Is the youth of to­day is no longer bound by the se­cu­rity of a 9 to 5?

Citadel - - CONTENTS - BY PROTIMA TIWARY ci­tadel@mag­na­m­

We live in a day and age when the quest to search for the un­known and un­der­take risk is greater than ever. Does that mean the youth of to­day is no longer bound by the se­cu­rity of a 9 to 5? Ci­tadel finds out what Pune had to say.

John Hope Bryant said an i nter­est­ing t hing – Let your 9 to 5 (work) fi­nance your 5 to 9 (dream). Work is al­ways about ful­fill­ing your dreams. Un­less you have big dreams to do some­thing dif­fer­ent, chances are, you will be do­ing the typ­i­cal 9 to 5 job. It’s what most as­pire to­wards. Look around you and you will re­alise just that. But as they say – change is the only con­stant thing. As we change, our at­ti­tudes change and so do our con­cepts of how work should hap­pen. These days, an­other trend or rather thought process has been hit­ting more and more mil­len­ni­als. And the city of Pune is not in­dif­fer­ent to the trend. We’d like to say that the 9 to 5 rou­tine is un­der at­tack. The con­cept of work

has changed, thanks to the in­ter­net. To­day, the 9 to 5 is seen com­ing to an end as start-ups pop up like acne on a teenager’s skin. In­ter­na­tion­ally, peo­ple have gone on to call a 9 to 5 rou­tine ‘bar­baric’. What does Pune have to say about this? Be­ing a young and in­dus­trial city (yes, it has be­come one), one as­sumes there is a lot to be said and heard.


There must be a le­git rea­son be­hind many mil­len­ni­als rid­ding them­selves of the 9 to 5 tag. “A lot de­pends on your field of work. If you’re in the cre­ative field, maybe a mar­ket­ing agency or brand, re­mote work­ing is some­thing you can take up and not be bound in a 9 to 5. I have a lot of friends who’re do­ing so many things at once. It sounds like an ex­cit­ing life, be­cause I am bound to my job!” says Sa­marth Ahluwalia, a So­cial Me­dia Ex­ec­u­tive at a lead­ing dig­i­tal agency in Pune. The tag or tim­ing is not the sub­ject of im­por­tance to­day. It is about what you want to do, what you think is right and the fi­nal out­come.


Work-life bal­ance is now be­ing taken se­ri­ously. Peo­ple are tak­ing out time for their hob­bies, health and fit­ness regimes, and even va­ca­tions, and are even go­ing ahead to plan their en­tire ca­reers around it. While you have the reg­u­lar boy next door leav­ing his 9 to 5 at a bank to study for a fit­ness cer­ti­fi­ca­tion, there are some who’re even tak­ing up run­ning marathons and com­pet­ing in body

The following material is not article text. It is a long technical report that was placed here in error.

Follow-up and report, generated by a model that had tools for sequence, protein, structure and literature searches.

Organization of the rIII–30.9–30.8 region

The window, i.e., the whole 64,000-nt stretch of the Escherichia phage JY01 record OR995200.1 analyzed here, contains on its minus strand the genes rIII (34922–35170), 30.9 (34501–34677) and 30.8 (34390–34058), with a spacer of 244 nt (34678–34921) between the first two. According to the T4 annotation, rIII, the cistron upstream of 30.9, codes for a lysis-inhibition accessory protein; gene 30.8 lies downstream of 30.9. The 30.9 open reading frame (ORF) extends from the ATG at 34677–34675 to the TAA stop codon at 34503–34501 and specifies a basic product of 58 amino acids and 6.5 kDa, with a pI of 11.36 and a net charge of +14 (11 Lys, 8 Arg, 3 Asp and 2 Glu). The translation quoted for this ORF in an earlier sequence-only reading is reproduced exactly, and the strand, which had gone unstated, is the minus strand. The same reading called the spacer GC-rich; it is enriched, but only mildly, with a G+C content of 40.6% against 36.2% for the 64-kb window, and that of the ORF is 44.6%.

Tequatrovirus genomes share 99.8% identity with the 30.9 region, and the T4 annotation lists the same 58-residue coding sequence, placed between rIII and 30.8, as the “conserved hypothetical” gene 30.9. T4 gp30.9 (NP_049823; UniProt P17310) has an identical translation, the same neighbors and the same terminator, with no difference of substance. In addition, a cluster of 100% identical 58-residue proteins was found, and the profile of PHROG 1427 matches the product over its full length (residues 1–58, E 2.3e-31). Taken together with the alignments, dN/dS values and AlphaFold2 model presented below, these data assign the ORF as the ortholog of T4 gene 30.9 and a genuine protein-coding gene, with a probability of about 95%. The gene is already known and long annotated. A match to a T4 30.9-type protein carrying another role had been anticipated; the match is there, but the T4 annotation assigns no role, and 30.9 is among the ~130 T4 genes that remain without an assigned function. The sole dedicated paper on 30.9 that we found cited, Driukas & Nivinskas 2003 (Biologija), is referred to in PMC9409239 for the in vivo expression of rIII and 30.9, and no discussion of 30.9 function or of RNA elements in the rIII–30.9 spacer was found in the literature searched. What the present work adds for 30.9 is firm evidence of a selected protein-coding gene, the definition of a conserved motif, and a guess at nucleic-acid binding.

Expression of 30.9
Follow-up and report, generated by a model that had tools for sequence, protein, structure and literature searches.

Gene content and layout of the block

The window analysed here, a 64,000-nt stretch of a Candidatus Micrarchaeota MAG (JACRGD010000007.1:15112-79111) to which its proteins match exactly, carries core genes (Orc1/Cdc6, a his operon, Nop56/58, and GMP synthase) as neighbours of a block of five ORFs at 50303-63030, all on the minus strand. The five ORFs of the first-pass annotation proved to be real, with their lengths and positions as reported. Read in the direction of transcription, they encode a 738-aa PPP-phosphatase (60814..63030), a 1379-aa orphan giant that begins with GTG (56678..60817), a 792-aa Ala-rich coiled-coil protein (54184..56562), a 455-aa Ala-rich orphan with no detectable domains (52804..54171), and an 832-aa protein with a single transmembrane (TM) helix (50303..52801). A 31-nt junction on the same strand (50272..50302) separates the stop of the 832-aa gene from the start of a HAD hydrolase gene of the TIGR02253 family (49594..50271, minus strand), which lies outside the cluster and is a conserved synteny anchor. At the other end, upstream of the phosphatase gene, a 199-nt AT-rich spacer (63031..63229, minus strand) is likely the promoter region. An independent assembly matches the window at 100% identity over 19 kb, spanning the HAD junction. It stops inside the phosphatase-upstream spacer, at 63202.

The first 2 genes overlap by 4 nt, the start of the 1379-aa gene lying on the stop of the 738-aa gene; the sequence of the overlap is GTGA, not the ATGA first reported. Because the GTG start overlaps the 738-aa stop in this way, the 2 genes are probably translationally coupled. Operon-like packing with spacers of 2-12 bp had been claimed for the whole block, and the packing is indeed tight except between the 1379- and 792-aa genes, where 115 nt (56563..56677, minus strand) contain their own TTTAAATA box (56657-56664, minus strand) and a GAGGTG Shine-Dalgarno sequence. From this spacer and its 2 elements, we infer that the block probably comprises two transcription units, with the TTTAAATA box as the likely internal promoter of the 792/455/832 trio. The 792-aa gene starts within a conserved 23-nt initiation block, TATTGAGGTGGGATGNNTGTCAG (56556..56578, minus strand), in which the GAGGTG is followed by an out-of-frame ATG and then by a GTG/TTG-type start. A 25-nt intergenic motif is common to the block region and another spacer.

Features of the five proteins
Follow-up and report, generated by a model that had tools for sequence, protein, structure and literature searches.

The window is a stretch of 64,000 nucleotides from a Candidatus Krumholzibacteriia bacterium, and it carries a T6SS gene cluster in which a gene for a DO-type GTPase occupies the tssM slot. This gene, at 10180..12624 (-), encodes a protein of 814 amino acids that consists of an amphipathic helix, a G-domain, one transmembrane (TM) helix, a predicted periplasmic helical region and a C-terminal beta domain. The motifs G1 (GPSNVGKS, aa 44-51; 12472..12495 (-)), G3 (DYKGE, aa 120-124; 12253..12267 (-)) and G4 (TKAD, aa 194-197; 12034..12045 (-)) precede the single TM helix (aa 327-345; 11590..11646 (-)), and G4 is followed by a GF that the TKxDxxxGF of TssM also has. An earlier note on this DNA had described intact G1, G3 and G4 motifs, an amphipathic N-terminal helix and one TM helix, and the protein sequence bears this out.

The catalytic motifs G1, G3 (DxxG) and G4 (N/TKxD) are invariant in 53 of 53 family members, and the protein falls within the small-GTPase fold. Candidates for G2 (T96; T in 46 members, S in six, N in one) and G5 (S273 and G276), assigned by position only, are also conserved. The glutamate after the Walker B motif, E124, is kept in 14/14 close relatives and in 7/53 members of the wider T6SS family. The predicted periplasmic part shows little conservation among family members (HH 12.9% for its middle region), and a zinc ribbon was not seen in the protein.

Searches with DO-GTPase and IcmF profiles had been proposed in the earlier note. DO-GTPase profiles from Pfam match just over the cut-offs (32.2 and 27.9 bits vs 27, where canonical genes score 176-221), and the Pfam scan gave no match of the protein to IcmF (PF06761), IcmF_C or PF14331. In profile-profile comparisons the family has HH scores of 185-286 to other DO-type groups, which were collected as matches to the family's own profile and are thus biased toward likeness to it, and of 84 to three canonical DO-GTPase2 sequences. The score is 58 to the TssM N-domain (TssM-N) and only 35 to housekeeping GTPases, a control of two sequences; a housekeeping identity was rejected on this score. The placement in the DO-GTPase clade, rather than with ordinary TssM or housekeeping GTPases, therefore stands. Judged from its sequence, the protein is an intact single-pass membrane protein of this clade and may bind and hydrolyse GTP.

build­ing com­pe­ti­tions, trav­el­ling, cook­ing or even blog­ging full time, and of course this leaves them with no time to com­mit to a 9 to 5. It’s might be all about liv­ing your life once. There is so much to do. You want to do what makes you happy. The present gen­er­a­tion wants to move away from an im­posed rou­tine. The mil­len­ni­als in Pune to­day are seen opt­ing for part-time and free­lance roles. It is the right kind of free­dom. “I’ve done the cor­po­rate route, but didn’t find it ful­fill­ing. Work­ing re­motely – free­lanc­ing – is risky be­cause there isn’t any kind of job se­cu­rity, and the pay isn’t as steady; but it’s worth it. It’s worth it to be in charge of your own ca­reer, to have flex­i­ble work hours, and to work from wher­ever you like (ie, not a cu­bi­cle). Per­son­ally, it also gives me more time to do things like cook my own meals, and wake up at a more rea­son­able hour,” agrees Divya Desa, a free­lance writer from Pune. In fact, it is not just in­di­vid­u­als who are think­ing in this man­ner. Many com­pa­nies, in­clud­ing top play­ers like Buf­fer, Google, Ama­zon and Con­ver­gys, are warm­ing up to the idea of fluid workspaces, and they even al­low em­ploy­ees to work from any­where in the world. Em­ployee hap­pi­ness is now the top­most pri­or­ity of such com­pa­nies. The kind of pro­duc­tiv­ity after this is quite phe­nom­e­nal. “The fu­ture of work lies i n the free­dom to bal­ance work and life. With free­lanc­ing, I got the op­tion to step out of my cu­bi­cle and con­se­quently a dead end job, t o pur­sue what I love and trans­late that love into a pro­fes­sional com­mit­ment. There’s no ei­ther/or here. It’s ev­ery­thing that you want to do and be!” says Apurba Bandy­opad­hyay, who cur­rently works re­motely for a con­tent agency in Pune.